Challenges to Substantive Demilitarisation in the Antarctic Treaty Area

In: The Yearbook of Polar Law Online
Alan D. Hemmings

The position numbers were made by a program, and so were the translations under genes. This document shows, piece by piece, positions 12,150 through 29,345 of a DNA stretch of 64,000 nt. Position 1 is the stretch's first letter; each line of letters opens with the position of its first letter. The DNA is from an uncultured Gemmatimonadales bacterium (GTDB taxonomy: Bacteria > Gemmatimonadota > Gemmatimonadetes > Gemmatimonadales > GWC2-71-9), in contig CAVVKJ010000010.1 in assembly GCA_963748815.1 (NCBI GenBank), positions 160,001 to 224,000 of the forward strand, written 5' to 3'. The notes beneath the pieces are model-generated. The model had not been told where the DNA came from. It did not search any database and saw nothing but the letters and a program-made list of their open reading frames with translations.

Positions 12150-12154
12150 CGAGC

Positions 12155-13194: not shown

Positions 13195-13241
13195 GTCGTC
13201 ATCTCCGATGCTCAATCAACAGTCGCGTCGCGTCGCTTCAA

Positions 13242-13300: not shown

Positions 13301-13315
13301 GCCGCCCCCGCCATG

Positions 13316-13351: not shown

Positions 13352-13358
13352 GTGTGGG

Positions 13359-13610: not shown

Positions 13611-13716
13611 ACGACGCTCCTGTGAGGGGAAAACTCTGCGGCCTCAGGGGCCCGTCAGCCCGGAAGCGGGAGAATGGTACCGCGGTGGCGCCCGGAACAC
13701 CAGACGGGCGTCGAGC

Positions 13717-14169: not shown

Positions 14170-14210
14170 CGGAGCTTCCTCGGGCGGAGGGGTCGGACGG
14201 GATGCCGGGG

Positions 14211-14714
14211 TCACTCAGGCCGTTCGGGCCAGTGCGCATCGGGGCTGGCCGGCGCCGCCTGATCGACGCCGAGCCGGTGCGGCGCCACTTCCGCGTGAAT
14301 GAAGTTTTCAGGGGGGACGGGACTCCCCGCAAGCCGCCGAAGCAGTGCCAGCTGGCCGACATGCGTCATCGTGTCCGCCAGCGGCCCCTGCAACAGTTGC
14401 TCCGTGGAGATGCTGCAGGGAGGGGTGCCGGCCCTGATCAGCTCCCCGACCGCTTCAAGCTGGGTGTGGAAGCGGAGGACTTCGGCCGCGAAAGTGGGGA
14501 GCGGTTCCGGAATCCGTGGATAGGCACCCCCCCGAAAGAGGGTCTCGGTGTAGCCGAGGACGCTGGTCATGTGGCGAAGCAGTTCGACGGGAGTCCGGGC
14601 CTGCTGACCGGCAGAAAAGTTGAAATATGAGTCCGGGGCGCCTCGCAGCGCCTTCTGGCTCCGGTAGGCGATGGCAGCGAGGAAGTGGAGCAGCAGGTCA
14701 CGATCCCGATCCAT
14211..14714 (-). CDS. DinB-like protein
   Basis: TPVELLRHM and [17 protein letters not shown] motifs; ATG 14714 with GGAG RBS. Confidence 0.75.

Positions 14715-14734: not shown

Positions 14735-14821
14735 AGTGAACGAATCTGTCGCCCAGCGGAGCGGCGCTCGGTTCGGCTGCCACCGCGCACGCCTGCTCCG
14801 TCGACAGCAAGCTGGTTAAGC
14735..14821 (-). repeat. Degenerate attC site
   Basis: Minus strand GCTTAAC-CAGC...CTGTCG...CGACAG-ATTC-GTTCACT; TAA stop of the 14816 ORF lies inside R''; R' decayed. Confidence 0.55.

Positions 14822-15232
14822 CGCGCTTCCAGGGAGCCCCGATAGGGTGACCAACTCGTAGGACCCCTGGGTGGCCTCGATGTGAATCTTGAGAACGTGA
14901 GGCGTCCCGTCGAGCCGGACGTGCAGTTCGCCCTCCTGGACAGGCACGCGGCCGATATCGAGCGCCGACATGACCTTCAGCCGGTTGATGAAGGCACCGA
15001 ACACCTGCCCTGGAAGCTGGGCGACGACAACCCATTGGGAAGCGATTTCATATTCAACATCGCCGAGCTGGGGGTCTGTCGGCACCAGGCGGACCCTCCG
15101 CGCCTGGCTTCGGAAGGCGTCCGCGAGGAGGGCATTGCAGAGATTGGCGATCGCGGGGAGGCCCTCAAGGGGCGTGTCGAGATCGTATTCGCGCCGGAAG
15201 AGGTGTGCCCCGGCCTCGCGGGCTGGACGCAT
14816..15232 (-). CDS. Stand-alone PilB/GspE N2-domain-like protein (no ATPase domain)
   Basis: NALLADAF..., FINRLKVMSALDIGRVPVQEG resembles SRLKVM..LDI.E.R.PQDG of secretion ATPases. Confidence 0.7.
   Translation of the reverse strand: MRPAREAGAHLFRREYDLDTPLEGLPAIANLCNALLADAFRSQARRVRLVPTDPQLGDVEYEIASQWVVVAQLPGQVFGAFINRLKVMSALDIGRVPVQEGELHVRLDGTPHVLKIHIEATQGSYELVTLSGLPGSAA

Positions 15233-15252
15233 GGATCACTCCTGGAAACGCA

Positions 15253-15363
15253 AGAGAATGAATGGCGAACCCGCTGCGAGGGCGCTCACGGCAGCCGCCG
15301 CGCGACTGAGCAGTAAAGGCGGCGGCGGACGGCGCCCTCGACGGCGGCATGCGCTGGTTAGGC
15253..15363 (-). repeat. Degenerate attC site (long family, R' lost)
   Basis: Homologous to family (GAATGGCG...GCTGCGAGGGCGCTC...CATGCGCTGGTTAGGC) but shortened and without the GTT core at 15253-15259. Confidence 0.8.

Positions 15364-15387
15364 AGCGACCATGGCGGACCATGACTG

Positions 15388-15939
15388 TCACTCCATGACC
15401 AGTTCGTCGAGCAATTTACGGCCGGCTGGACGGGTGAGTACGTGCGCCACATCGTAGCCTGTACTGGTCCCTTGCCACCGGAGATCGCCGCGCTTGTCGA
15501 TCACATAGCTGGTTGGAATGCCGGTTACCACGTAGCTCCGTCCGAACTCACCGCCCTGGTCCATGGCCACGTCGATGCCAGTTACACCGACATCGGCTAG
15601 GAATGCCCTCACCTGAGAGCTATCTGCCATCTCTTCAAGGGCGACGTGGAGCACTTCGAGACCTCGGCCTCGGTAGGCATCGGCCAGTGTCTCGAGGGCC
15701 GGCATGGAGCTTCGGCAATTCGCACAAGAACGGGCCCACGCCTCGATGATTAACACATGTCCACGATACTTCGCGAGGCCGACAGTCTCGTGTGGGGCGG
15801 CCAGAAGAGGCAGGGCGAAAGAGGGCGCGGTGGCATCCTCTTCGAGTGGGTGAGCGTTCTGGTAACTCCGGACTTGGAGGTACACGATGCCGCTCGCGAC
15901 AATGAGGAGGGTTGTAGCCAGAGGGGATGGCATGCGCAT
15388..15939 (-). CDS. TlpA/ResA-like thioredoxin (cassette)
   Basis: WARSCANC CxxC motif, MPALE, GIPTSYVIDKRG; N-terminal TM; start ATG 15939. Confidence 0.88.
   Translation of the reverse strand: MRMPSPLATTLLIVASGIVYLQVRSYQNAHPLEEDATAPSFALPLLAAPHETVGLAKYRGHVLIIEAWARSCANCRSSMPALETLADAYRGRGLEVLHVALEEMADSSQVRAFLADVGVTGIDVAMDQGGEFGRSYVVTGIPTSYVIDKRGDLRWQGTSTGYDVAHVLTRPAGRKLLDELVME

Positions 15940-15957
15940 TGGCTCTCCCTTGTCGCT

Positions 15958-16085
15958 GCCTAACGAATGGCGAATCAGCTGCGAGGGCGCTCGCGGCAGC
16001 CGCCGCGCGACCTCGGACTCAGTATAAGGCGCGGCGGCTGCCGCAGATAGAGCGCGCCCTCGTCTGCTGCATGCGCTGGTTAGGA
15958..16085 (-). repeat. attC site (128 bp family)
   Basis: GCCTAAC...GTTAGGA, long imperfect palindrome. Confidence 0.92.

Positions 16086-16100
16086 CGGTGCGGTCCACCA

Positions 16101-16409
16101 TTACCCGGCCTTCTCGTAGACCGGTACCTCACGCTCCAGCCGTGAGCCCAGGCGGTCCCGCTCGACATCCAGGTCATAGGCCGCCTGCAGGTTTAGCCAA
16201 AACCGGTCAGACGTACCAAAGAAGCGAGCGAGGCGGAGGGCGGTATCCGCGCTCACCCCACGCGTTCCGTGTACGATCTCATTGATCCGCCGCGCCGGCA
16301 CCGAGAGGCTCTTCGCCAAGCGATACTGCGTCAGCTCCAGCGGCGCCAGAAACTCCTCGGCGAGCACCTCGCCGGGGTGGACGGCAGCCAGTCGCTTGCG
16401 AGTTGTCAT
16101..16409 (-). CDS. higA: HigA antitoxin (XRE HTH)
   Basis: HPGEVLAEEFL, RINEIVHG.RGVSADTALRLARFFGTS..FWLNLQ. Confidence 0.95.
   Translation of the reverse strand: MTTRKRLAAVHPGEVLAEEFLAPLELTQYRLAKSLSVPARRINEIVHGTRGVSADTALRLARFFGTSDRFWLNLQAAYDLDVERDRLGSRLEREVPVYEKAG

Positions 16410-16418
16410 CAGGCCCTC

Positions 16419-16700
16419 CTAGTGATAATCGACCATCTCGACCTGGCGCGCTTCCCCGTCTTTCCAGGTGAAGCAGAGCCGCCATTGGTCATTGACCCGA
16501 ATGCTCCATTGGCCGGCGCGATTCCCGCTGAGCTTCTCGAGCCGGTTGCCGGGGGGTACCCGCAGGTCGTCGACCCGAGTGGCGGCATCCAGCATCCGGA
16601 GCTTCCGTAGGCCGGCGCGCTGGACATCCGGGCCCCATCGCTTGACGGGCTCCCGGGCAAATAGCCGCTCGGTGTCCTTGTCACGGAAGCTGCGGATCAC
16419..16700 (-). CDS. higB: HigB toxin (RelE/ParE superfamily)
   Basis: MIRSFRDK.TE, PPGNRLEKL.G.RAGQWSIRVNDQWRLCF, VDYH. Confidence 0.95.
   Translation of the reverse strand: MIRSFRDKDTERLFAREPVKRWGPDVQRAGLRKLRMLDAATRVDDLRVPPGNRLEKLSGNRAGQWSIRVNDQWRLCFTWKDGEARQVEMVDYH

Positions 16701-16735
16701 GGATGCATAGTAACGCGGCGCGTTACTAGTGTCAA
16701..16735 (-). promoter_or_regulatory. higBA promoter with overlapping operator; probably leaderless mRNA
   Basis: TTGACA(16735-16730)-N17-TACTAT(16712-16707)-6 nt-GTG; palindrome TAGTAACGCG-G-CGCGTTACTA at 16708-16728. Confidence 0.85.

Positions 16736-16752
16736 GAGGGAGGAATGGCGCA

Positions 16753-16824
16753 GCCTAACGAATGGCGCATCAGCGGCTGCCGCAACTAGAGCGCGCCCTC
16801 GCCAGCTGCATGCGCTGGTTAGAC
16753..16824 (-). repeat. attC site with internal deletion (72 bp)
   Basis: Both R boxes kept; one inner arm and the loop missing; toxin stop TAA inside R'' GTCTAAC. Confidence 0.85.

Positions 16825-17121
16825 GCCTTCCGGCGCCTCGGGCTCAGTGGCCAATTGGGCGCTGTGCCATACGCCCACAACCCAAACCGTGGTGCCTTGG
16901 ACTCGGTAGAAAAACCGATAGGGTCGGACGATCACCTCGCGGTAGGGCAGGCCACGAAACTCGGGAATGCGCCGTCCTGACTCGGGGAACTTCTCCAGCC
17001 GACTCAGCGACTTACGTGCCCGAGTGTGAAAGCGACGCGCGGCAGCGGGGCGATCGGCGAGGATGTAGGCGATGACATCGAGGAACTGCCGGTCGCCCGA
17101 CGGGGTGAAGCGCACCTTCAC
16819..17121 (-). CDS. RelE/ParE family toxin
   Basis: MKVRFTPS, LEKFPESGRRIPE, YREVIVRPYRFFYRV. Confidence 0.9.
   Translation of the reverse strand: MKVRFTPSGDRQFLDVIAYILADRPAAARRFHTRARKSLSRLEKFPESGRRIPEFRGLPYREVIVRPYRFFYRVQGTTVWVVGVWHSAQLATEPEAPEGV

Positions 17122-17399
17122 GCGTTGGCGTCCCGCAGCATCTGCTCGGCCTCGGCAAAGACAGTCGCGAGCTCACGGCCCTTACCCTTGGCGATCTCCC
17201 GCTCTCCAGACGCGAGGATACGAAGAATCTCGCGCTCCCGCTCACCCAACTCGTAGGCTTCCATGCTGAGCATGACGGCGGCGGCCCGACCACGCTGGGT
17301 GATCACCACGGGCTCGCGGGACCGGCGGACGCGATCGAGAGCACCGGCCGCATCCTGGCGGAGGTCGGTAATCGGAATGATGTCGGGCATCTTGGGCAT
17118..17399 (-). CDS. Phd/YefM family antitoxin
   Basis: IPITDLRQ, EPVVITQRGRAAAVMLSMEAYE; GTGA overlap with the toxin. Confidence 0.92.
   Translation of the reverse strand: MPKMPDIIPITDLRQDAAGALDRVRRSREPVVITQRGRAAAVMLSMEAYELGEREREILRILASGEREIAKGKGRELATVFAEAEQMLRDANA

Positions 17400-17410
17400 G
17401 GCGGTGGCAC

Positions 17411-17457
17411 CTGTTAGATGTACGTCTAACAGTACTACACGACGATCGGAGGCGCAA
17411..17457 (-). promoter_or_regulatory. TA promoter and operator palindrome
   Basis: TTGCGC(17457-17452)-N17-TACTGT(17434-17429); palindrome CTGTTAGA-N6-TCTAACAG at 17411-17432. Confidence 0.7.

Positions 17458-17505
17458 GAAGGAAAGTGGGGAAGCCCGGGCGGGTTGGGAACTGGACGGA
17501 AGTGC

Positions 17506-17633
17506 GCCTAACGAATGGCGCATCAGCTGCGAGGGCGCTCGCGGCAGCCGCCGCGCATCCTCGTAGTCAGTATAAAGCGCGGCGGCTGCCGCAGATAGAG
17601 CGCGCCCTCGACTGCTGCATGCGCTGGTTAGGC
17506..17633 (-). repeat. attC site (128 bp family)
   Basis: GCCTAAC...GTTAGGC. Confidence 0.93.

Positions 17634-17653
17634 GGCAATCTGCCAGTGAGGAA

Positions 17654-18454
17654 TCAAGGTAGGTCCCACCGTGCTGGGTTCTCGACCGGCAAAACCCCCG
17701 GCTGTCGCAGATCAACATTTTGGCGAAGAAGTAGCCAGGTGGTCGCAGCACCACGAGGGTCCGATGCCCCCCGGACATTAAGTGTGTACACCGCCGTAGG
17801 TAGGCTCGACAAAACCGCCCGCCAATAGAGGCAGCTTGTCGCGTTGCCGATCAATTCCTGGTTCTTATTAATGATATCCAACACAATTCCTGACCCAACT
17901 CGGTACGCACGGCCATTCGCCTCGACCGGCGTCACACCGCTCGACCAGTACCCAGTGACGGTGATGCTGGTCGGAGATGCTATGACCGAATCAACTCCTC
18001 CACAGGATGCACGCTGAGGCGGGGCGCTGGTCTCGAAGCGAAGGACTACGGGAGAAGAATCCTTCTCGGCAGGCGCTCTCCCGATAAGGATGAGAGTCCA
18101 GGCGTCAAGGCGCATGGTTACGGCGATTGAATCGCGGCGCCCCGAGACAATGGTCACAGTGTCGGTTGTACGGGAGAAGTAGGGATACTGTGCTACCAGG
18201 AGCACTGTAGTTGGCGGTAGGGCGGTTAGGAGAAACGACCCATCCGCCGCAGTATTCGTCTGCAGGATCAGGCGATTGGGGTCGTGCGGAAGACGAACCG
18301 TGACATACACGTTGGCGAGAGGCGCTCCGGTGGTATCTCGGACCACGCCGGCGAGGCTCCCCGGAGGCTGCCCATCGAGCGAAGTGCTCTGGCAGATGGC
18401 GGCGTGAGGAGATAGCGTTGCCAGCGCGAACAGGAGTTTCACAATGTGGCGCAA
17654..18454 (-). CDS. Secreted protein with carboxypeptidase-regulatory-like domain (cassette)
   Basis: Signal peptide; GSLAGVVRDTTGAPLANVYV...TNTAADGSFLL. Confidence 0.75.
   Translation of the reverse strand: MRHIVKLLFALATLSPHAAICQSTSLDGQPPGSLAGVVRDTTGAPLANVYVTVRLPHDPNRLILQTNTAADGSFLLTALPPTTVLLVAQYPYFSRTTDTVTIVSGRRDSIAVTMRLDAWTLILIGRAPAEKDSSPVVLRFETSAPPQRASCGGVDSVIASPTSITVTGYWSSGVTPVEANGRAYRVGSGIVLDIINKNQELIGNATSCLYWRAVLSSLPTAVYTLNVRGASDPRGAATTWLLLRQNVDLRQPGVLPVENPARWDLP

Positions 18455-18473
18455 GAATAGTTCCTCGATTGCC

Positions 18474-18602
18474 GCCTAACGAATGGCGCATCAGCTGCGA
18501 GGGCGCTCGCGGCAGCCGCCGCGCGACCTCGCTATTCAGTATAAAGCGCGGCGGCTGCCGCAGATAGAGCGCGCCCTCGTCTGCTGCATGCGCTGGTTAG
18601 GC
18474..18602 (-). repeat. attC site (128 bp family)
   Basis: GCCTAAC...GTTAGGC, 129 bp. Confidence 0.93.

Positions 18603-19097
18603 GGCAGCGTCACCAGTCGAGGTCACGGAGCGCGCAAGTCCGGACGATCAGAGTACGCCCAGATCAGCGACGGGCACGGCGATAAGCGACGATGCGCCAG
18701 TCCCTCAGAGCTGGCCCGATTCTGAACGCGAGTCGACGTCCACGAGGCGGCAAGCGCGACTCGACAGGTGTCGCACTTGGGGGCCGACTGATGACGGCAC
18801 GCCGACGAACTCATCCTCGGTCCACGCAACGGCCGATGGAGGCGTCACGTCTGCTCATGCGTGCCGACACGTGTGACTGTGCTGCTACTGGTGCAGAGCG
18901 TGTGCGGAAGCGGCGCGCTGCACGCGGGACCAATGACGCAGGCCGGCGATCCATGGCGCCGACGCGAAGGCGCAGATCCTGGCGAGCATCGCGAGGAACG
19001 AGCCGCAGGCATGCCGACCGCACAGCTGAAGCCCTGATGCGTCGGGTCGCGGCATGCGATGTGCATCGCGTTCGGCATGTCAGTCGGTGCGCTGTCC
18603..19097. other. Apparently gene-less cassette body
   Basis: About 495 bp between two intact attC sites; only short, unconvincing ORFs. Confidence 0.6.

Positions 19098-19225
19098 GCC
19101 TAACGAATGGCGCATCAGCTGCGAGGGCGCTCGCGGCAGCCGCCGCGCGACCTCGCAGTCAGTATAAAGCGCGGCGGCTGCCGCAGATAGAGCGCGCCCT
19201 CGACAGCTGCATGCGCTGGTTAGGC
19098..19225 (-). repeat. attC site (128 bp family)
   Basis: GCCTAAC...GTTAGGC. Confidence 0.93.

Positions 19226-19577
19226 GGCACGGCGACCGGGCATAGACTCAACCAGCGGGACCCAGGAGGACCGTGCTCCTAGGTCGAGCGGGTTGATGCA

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The demilitarisation provisions of the 1959 Antarctic Treaty are limited and contingent. Critically, a functional gap is enabled within the key Article I, which both prohibits ‘measures of a military nature’ and sanctions the use of military personnel and equipment in pursuit of ‘peaceful purposes’. None of the key terms and concepts are defined. With increasing focus on and in the Antarctic Treaty Area on interstate competition around resource access and regime control, and in particular the rapidly increasing geopolitical struggle between ‘the West’ and China both globally and within the Antarctic, and the transformation of what military activity actually entails, the existing demilitarisation principles are now inadequate. The failure to update these in the 60 years since the Antarctic Treaty was adopted, the lack of confidence that the historic Antarctic Treaty model of regional governance can itself manage the struggle, and indications over recent years that some states are even increasing the level of military entanglement with their Antarctic programmes, suggest it is now timely to reassess and respond to the case for substantive demilitarisation in the Antarctic Treaty Area.

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